Inflation Isn't the Only Culprit in the Treasury Bond Selloff

The rising interest rates and selloff in Treasury bonds and related exchange traded funds may not be solely attributed to fears of higher inflation.

A contributing factor the recent sell-off in the Treasury market and rising yield environment may be associated with heavy overseas selling, such as investors in Japan locking in investment returns for their fiscal year-end, the Wall Street Journal reports.

Banks and insurers in Japan poured fuel onto the global selling in February after efforts to finalize their investment returns for their financial year ended Wednesday. For example, Dai-ichi Life Insurance Co., one of Japan’s major insurance firms, revealed it sold some U.S. Treasuries and reinvested in sovereign and corporate bonds of other currencies.

Large Japanese investors have contributed to net sales of ¥2.815 trillion, or $25.5 billion, worth of foreign bonds since February, according to Ministry of Finance data ended March 20.

Additionally, Seoul’s Kyobo Life Insurance Co. Ltd. also dumped longer-dated U.S. Treasuries, according to Matt Lee, head of overseas investments at the firm.

“There’s a high chance that U.S. interest rates will continue to rise,” Lee warned.

Market observers noted that the timing of the market moves indicated that Asian investors led the selloff in Treasuries. There was some struggle at the Treasury auction in late February, which some analysts argued was attributed to Asian investors causing a shortfall in demand.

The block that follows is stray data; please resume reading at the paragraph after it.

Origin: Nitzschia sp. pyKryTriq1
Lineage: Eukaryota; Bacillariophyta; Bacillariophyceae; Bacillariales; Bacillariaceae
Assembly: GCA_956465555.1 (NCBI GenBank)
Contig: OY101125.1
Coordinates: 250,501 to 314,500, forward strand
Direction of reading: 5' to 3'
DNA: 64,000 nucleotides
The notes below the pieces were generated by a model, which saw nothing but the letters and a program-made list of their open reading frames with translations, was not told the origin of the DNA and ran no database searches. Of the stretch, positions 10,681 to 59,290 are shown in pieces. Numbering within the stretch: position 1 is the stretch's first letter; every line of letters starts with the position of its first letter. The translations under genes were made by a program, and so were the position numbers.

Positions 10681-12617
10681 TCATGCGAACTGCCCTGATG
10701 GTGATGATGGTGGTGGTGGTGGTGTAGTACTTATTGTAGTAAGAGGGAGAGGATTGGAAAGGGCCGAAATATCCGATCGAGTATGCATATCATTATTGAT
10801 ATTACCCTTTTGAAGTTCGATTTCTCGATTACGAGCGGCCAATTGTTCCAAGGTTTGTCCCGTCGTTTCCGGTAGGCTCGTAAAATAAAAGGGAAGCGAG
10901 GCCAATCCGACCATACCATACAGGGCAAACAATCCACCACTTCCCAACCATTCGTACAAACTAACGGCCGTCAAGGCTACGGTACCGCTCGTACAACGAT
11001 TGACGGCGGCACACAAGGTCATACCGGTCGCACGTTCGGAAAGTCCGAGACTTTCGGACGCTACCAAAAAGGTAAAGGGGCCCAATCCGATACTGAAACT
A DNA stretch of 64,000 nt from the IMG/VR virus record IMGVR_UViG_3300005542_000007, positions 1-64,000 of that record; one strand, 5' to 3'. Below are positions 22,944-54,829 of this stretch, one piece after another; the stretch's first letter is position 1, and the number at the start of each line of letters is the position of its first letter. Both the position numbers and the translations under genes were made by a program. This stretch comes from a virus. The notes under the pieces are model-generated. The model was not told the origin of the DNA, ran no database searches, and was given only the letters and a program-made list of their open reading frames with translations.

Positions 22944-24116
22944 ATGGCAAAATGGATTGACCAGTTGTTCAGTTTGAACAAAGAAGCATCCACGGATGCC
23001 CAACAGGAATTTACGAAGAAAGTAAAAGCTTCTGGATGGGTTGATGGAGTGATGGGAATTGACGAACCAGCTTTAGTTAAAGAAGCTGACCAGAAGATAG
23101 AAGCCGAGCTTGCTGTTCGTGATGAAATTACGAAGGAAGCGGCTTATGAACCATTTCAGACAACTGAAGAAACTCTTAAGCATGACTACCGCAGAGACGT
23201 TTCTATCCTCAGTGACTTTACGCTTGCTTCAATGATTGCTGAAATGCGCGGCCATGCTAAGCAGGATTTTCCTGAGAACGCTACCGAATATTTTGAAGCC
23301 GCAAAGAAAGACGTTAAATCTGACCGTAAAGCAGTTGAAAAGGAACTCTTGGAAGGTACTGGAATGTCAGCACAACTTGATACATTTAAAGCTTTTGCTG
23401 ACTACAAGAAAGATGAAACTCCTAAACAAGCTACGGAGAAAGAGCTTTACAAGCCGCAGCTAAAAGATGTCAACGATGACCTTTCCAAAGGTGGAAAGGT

Furthermore, Guneet Dhingra, head of U.S. rates strategy at Morgan Stanley, noted that during February, when the Treasury selloff gained momentum, most of the moves in yields came during Japanese trading hours. In recent days, yields have pulled back from their peaks during Asian trading hours too.

Dhingra argued that the Japanese selling was not driven by any fundamental concern or changes in investors’ views of the Treasury market, but rather banks looking to offset bond losses against equity gains.

“The selling was driven by Japanese banks looking to smooth the volatility of their portfolio returns for the year-end,” Dhingra told the WSJ.

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